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Faster. Cleaner. Safer. Why induction cooking is poised for a big 2018

There are certain aspects to cooking a great meal at home that are, unfortunately, not so great.

Chef Ming Tsai is a big fan of induction cooking.

Does anyone really enjoy the 7 to 10 minutes standing around waiting for the pot of water to boil just so you can finally dump in the pasta? If you have children, the constant reminder that the stove is hot and to keep their fingers away from the burners can be stressful. There’s the annoying gas burner that won’t light and forces you to use a match. And then, when you’re done cooking, there’s the cleaning — taking the grills off the gas stove, getting into the nooks and crannies, returning the stovetop to a reasonable state of cleanliness.

Additionally, if you’re interested in reducing your energy footprint, know this: When you cook with gas, as much as 50 percent of the energy used goes into the atmosphere, heating your kitchen, but not your food.

For all these reasons, and more, one of Boston’s most renowned celebrity chefs, Ming Tsai, says he relies heavily on a cooking trend that’s expected to heat up in 2018: induction heat. “I’ve been using it for 20 years,” says Tsai, the owner of Blue Dragon in the Seaport District. “Any place where space is an issue, you want induction.”

All of those luxury condominium buildings going up downtown, he said, are prime candidates for it.

Induction heats up

Frigidaire’s smudge-proof Black Stainless Steel Induction Range

Induction cooking is fast becoming more popular — mainly because it makes all of those routine cooking challenges disappear. Water boils in 1-2 minutes. Burners don’t get hot, only the pan does. Cleaning the smooth surface is a snap. And all the energy used goes only into the cooking, nothing else.

“As a working mom, I’m looking for convenience and time savers when I cook during the week,” says Eloise Hale, a spokeswoman for Electrolux North America. “Because induction stovetops stay cool, spills just wipe away and it cleans much easier. I want anything that can save me an extra step on a weeknight.”

Electrolux is finding that as induction stoves come down in price to the range of traditional gas and electric stoves, more home chefs are embracing the technology.

To understand why induction is gaining traction, you have to understand how induction heat works. When you turn it on, an electric current runs through a coil that sits beneath the cooking surface. That coil generates a magnetic field, but it does not heat the burner. It’s only when you place a pan, either iron or stainless steel, on to the burner, that the magnetic field creates small electric currents in the metal of the pan. And, voila, heat!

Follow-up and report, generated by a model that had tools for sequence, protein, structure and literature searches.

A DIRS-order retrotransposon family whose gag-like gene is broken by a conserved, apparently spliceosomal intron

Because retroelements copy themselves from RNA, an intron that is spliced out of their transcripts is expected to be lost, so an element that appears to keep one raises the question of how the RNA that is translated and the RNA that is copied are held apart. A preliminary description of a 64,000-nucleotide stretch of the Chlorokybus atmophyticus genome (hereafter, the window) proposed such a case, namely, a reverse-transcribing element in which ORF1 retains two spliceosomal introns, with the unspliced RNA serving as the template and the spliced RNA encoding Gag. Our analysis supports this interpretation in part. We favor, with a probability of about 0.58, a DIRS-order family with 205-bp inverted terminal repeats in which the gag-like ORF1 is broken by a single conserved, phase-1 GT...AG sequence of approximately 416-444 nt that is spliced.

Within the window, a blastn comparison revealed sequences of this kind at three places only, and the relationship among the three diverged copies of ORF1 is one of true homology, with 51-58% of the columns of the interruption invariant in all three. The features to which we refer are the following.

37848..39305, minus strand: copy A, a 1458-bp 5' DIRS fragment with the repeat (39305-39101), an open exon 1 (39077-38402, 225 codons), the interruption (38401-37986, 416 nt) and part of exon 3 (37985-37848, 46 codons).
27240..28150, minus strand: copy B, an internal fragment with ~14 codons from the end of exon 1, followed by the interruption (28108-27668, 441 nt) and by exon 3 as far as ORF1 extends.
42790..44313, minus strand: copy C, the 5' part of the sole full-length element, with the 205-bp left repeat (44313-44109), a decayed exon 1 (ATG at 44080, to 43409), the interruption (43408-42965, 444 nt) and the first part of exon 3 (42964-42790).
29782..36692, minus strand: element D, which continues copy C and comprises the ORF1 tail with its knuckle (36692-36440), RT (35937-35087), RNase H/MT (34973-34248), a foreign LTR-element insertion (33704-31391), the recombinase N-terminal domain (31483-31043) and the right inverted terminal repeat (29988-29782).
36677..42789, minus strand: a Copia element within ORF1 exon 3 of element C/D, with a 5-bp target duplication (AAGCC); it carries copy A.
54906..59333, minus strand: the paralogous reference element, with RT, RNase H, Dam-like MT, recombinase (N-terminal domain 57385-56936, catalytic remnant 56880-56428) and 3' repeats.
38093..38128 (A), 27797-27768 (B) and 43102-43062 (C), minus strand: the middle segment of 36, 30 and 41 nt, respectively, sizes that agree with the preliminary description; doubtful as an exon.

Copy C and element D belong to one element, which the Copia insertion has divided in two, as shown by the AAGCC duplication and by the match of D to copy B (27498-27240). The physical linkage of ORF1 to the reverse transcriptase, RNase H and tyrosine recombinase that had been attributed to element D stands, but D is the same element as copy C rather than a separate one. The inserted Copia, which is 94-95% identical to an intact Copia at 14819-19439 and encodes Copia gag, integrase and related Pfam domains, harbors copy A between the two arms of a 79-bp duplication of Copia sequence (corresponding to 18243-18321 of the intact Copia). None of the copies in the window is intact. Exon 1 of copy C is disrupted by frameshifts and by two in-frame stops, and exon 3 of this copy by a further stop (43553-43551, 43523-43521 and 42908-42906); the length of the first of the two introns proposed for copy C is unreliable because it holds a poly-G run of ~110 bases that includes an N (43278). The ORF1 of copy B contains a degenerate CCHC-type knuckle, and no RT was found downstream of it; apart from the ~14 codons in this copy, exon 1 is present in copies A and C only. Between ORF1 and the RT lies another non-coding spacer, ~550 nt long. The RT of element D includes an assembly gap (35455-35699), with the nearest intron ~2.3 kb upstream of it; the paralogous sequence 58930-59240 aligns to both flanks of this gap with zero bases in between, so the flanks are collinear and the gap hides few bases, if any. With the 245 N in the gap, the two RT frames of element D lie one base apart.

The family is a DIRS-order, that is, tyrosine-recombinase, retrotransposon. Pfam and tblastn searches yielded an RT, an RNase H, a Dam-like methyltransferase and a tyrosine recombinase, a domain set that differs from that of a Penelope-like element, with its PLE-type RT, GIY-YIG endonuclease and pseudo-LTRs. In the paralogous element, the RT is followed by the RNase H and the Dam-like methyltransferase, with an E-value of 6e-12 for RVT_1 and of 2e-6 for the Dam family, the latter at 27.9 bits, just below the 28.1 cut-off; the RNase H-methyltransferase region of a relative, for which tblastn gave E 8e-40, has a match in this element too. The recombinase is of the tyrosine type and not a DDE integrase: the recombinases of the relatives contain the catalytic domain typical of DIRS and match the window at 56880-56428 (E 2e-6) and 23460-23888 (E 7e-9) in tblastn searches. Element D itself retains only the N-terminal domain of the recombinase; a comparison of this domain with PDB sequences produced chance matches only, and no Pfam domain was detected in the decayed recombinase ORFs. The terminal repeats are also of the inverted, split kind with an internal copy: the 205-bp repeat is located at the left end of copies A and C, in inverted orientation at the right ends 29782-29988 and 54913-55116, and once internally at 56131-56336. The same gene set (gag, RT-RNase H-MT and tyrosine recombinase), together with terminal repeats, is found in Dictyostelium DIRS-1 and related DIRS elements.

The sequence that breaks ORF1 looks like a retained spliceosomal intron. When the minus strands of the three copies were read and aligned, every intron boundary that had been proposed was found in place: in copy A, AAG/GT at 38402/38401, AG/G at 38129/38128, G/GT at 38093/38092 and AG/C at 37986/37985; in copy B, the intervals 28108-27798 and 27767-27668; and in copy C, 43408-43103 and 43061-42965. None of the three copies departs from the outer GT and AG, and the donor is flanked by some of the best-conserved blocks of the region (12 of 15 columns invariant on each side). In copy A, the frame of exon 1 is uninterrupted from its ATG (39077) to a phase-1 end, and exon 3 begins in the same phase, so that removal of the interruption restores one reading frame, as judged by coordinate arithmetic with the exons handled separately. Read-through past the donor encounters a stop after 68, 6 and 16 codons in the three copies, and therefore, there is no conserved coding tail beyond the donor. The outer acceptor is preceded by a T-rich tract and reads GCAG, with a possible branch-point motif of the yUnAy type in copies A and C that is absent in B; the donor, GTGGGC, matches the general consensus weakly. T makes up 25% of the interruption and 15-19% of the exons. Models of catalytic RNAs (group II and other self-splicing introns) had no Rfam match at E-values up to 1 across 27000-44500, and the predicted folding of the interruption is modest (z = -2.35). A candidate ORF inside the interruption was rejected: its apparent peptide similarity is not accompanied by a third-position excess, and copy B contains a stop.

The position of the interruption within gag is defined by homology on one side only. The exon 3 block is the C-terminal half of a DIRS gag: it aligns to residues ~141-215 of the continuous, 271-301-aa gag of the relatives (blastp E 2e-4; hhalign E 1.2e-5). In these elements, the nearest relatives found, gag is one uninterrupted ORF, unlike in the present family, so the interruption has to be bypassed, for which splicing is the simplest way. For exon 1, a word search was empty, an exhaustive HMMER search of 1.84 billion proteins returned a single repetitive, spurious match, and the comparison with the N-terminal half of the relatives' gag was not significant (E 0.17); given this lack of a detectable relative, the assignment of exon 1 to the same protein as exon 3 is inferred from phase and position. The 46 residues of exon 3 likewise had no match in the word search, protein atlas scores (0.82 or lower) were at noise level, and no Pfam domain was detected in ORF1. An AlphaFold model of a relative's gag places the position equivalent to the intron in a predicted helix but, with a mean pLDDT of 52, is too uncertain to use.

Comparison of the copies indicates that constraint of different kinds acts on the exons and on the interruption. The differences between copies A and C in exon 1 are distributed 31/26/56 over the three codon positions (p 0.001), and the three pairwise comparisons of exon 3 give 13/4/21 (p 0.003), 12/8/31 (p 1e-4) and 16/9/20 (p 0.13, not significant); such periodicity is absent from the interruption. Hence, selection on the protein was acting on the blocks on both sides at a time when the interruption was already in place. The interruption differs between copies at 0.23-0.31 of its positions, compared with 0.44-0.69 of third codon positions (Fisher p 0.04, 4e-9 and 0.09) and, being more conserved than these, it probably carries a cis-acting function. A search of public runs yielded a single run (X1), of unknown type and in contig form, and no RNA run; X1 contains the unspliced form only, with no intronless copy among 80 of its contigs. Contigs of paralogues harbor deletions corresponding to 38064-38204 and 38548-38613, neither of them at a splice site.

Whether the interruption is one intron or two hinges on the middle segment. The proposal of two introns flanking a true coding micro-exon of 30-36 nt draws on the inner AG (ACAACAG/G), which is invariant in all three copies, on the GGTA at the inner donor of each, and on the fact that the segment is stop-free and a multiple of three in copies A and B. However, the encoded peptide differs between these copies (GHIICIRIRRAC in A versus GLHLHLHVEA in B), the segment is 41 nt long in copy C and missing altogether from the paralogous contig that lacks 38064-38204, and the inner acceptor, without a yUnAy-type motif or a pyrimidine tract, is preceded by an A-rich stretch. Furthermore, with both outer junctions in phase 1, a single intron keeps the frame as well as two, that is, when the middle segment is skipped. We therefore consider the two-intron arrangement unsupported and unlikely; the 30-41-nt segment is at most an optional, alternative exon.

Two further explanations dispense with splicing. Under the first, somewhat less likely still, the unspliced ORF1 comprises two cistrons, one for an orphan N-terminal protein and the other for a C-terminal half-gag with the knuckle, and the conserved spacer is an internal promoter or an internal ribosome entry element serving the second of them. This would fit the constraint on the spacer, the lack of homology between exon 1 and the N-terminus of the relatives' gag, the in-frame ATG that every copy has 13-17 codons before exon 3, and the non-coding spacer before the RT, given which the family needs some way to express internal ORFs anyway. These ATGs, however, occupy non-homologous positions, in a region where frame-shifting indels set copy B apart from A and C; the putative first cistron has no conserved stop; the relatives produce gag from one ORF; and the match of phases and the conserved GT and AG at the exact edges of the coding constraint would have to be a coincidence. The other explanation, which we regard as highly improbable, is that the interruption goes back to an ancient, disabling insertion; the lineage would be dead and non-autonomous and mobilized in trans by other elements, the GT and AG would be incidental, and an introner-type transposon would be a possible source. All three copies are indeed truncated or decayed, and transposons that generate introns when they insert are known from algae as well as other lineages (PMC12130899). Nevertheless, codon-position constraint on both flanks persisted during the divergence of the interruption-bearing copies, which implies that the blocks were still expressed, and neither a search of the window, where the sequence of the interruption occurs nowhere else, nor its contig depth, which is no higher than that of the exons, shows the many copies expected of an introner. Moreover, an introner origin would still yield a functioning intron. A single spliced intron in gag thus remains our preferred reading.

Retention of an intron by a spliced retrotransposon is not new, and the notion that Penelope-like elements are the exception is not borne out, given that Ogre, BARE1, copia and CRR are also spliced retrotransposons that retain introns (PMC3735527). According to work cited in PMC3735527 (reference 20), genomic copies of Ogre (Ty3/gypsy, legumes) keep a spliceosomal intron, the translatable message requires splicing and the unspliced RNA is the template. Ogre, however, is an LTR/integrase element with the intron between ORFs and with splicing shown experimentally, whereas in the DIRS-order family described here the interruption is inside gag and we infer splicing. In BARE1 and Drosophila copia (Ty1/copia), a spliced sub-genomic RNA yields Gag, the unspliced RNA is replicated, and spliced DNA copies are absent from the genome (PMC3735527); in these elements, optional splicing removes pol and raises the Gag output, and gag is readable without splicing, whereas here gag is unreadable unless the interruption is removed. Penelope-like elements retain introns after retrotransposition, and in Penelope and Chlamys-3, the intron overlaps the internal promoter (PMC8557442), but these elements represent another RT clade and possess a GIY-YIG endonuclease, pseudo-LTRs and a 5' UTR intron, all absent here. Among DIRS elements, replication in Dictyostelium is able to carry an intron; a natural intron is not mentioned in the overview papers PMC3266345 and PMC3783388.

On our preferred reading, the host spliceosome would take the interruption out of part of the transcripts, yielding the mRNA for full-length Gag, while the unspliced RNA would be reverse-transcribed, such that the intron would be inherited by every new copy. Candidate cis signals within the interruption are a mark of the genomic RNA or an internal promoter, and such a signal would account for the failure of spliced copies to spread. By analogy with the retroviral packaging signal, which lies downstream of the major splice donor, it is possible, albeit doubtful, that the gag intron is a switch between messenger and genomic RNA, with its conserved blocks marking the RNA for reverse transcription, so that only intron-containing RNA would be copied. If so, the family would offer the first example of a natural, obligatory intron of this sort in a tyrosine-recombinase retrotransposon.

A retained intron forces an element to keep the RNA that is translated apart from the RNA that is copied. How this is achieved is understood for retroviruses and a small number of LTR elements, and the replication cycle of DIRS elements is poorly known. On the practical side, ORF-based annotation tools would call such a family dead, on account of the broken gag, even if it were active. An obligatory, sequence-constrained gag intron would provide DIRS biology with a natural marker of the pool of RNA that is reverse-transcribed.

And something else about that heat? It’s easier to control than gas, making it less likely you will overcook that fish you’re grilling or undercook the seared steak. When you look at a gas flame, it’s a challenge to determine if it’s too high, or not high enough, so you’re left to your best guess. With induction, being precise is easier.

“For ganache, you have to melt the chocolate at 110 degrees,” said Tsai, who has his own line of small, portable induction burners. “And for frying, you always want the temperature at 375 or 400.” He said induction heat allows him to get the heat just right.

And one myth that induction cooking advocates want to dispel is that it requires buying a new set of pots and pans. In fact, standard iron and stainless steel work fine, only all copper-bottom or aluminum pans don’t work. (For a simple test, if a magnet sticks to the pot, it’s usable.)

Safe. Fast. Efficient.

Chef Will Gilson

Will Gilson, the chef and co-owner of Puritan & Company in Cambridge, is a big fan of induction cooking. He says he uses it in the small basement pastry kitchen of his Inman Square restaurant. “It is incredibly clean, incredibly fast, incredibly efficient,” he says. “If you can look past the tactile feeling of seeing heat — the food warming in the pan — it’s the best possible way to cook, cooking at home especially.”

He said one of the bigger challenges for home chefs with induction cooking is simply overcoming the idea of not seeing the heat, and not believing that the burner really can be touched as soon as the pan is removed. “With induction, you can put your hand straight on it and not be burned or hurt,” he said.

Also, because induction cooktops don’t have individual raised burners like traditional stovetops, there is another advantage that comes in handy — especially when cooking for a crowd.

On the Frigidaire Gallery Black Stainless Steel Induction Range, for example, a feature called Auto Sizing Pan Detection helps ensure that the heat is concentrated where you want it, allowing you to cook two dishes evenly, like a large pot and a griddle, at the same time. The cooktop adapts to the size of the pan whether it’s a small pot, a large frying pan, or a wide pancake griddle. That means no more breakfasts where some pancakes cook fast, and others slow, some are browned to perfection, some are too doughy.

And for small spaces, one of Gilson’s favorite perks of induction is that it doesn’t require a big exhaust fan, so you can be more flexible where you put an induction stove. And then, when you’re done cooking, one quick swipe with a sponge or cloth and it’s clear and clean. Quick to cook, quick to clean.

This content was produced by Boston Globe Media's Studio/B in collaboration with the advertiser. The news and editorial departments of The Boston Globe had no role in its production or display.